Neither President Obama nor Republicans are "cutting spending" in any meaningful areas with these budget proposals. For the coming fiscal year, Obama's budget singles out Great Lakes preservation efforts, heating assistance for low-income families, and other cuddly, relatively cheap items. On the other end, Republicans want to gut the EPA, deflate the Department of Education, and pull the plug on other cuddly, relatively cheap items.
But even a cursory glance at this New York Times graphic shows just how little these cuts would mean to the big picture. If you squint, everything that's on the table for Obama and Republicans falls in the lower right hand quadrant. Health care spending, Social Security administration, defense expenditures, and interest on the public debt, those monoliths that make up the near-other 75 percent of the chart? Untouched, if not expanded from 2010 levels.
Where's that fiscal conservatism that's been all the rage since 2009? It's coming, House Republicans tell us, calling the $100 billion a "down payment" on their promise to cut spending. According to this Hill blog post, Majority Leader Eric Cantor said that the GOP's budget proposal, due later this spring, will finally tackle entitlement provisions in a meaningful way. That means figuring out a way to drive down the cost of programs like Social Security, Medicare and Medicaid, those whales on the government's ledgers.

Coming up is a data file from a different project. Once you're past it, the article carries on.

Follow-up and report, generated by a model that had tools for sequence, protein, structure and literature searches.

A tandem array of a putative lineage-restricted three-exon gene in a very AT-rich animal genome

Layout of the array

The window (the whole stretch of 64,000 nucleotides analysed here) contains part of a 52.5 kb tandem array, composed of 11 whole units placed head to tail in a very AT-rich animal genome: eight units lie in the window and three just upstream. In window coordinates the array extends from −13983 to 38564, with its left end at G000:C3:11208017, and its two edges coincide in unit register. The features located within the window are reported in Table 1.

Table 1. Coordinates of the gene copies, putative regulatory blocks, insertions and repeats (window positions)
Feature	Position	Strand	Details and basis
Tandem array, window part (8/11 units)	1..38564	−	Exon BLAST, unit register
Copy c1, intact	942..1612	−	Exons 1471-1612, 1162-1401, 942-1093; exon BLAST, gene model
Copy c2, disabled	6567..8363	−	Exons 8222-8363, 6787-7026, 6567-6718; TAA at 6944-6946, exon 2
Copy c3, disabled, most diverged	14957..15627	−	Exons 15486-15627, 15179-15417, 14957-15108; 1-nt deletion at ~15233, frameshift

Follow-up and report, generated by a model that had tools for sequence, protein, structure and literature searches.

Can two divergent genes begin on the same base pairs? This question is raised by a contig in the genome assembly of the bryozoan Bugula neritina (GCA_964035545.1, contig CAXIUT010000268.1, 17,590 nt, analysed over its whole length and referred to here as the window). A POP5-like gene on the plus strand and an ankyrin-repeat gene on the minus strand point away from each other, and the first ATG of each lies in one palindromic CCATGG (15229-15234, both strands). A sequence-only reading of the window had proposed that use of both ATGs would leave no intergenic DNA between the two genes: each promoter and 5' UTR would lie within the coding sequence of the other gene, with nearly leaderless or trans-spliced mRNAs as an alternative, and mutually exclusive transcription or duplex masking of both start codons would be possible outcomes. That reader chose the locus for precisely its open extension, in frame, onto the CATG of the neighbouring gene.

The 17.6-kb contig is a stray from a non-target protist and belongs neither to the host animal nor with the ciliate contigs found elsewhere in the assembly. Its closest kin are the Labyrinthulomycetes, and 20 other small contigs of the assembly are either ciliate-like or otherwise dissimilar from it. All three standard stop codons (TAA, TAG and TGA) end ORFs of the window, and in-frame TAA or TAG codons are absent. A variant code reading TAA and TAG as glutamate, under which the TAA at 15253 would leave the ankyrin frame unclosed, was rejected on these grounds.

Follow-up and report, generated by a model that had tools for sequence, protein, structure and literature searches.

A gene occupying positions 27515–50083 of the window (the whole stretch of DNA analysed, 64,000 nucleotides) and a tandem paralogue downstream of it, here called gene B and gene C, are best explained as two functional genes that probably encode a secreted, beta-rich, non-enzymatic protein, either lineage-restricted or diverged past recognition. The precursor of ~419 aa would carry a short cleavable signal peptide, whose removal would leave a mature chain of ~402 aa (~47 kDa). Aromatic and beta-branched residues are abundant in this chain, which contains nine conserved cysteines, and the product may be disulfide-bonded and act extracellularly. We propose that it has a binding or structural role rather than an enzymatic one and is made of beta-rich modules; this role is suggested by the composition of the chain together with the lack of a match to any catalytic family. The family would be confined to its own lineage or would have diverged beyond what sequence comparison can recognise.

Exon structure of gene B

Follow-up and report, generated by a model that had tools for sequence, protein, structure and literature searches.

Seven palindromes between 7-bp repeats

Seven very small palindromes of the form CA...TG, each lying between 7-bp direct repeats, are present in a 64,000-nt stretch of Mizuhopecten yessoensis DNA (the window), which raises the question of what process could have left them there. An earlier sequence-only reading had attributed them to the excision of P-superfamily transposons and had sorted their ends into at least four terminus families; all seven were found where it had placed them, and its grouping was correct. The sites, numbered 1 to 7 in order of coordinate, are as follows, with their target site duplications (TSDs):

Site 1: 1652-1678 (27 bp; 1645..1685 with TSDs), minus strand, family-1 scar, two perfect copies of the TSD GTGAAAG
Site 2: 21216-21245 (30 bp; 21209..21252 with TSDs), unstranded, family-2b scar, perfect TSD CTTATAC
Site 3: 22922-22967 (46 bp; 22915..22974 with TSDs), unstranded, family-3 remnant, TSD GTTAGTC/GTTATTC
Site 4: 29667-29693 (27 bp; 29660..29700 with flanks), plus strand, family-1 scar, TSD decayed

For people who take the issue of a ballooning budget and massive debt seriously, that should be welcome news. There's just one problem.
In the same Hill blog post, Rep. Paul Ryan, chairman of the House Budget Committee, is quoted as saying, "I can't tell you what our budget is going to be because we haven't written it yet," and that it's "premature to talk about what's going to be in our budget."